How well are your ads doing? (CTR)
Click Through Rate (CTR) is the ratio of clicks to impressions calculated as a percentage. CTR is one of my primary KPIs in every campaign that I run, regardless of industry. It gives a ton of insight into how well your ads are communicating the message about the service that is being offered.
What is a good CTR?
What makes a good CTR is going to depend on the industry, and the service offered. I typically use a benchmark of 1% to determine where my campaigns are at, but that 1% is just a tool to scale up or down from. There are tons of variables to consider, but there are 2 main ones that I always keep in mind; volume and demand.
Let’s take Nike for example. Nike may run an ad for a brand new running shoe (get it...RUN an ad!). The campaign is geared towards an english speaking American audience. I’ll be conservative and say that is 250 million. A CTR of 0.75% on that campaign might be great! That is 1,875,000 clicks over to a page. Now of course things like campaigns costs, profit per sale, and cost per click would have to be looked at more closely to determine how profitable the campaign actually is, but getting the entire population of San Antonio, TX to your page to buy something is a great start.
Demand can also influence CTR is big ways. Real Estate Investing is a perfect example of demand impacting CTR numbers. In REI, there is a specific clientele with a specific need attached to selling their home. As an advertiser, I know that I’ll be using very specific keywords and ad text in order to sift through who really needs the service and who is just “kicking tires”. There are about 1.5 million people in San Antonio, TX. I’ll be generous and say that 600,000 are homeowners. Since almost 33,000 people sold their homes last year, I’ll say that 2,750 home sale transactions take place a month. At a 2% CTR monthly (on the low end), that would be 55 people that are interested in the service. If 5 of them opt in, that could be $55K if you’re wholesaling, and more if you’re flipping.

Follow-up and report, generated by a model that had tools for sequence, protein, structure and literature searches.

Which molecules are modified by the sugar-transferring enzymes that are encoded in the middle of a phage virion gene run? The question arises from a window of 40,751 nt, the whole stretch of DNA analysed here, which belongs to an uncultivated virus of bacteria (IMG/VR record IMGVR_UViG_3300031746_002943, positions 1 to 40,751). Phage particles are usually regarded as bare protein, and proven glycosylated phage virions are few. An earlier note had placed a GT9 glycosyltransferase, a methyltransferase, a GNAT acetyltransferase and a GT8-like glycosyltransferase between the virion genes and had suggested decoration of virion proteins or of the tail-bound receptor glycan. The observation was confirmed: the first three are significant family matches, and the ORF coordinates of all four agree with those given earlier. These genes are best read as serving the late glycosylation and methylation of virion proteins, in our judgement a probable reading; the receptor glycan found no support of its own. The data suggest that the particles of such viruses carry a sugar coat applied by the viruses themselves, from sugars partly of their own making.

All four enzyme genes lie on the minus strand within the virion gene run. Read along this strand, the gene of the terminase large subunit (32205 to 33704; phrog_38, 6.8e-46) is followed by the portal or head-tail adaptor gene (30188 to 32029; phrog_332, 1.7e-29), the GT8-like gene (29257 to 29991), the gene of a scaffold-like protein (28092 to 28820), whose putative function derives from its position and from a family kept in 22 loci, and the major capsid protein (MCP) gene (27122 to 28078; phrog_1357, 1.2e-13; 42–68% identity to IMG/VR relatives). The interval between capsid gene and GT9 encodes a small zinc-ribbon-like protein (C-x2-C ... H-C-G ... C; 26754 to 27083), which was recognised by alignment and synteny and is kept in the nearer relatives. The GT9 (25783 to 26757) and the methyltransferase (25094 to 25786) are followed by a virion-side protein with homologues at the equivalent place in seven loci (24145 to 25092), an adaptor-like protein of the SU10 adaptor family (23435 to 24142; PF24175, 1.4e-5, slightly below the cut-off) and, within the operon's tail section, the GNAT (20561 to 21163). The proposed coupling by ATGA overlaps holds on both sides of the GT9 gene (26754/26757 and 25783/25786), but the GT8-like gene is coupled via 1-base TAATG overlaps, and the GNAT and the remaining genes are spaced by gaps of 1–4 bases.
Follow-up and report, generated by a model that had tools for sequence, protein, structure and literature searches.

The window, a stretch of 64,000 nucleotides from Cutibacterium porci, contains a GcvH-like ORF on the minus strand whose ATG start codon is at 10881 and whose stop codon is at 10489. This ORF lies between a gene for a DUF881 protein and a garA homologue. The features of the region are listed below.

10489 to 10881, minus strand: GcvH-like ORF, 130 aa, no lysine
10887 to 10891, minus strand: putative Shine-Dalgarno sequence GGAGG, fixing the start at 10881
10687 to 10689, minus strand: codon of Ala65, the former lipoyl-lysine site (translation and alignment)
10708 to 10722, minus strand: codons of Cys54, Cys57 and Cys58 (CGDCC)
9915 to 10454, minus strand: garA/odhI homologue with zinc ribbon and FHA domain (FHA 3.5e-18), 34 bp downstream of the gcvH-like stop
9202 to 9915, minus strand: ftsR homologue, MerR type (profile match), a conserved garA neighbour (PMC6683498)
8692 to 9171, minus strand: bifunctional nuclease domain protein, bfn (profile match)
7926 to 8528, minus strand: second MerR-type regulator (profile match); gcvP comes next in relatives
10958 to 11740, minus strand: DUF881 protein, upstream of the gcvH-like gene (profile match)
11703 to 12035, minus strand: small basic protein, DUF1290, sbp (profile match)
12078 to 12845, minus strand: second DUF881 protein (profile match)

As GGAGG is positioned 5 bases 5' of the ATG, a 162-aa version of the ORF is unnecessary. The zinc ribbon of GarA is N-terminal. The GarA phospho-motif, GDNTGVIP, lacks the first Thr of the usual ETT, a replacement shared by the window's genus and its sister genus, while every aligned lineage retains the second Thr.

Do some analysis on your industry. Look at demand, volume, costs per click, and give yourself some breathing room with estimating what the CTR should be. If you’re finding it tough to figure out what you think it should be, just use my 1% rule. Set that as the goal, and then compare your actual results with it. The higher the volume, the lower the CTR will likely be. The lower the volume, the higher the CTR that you should expect.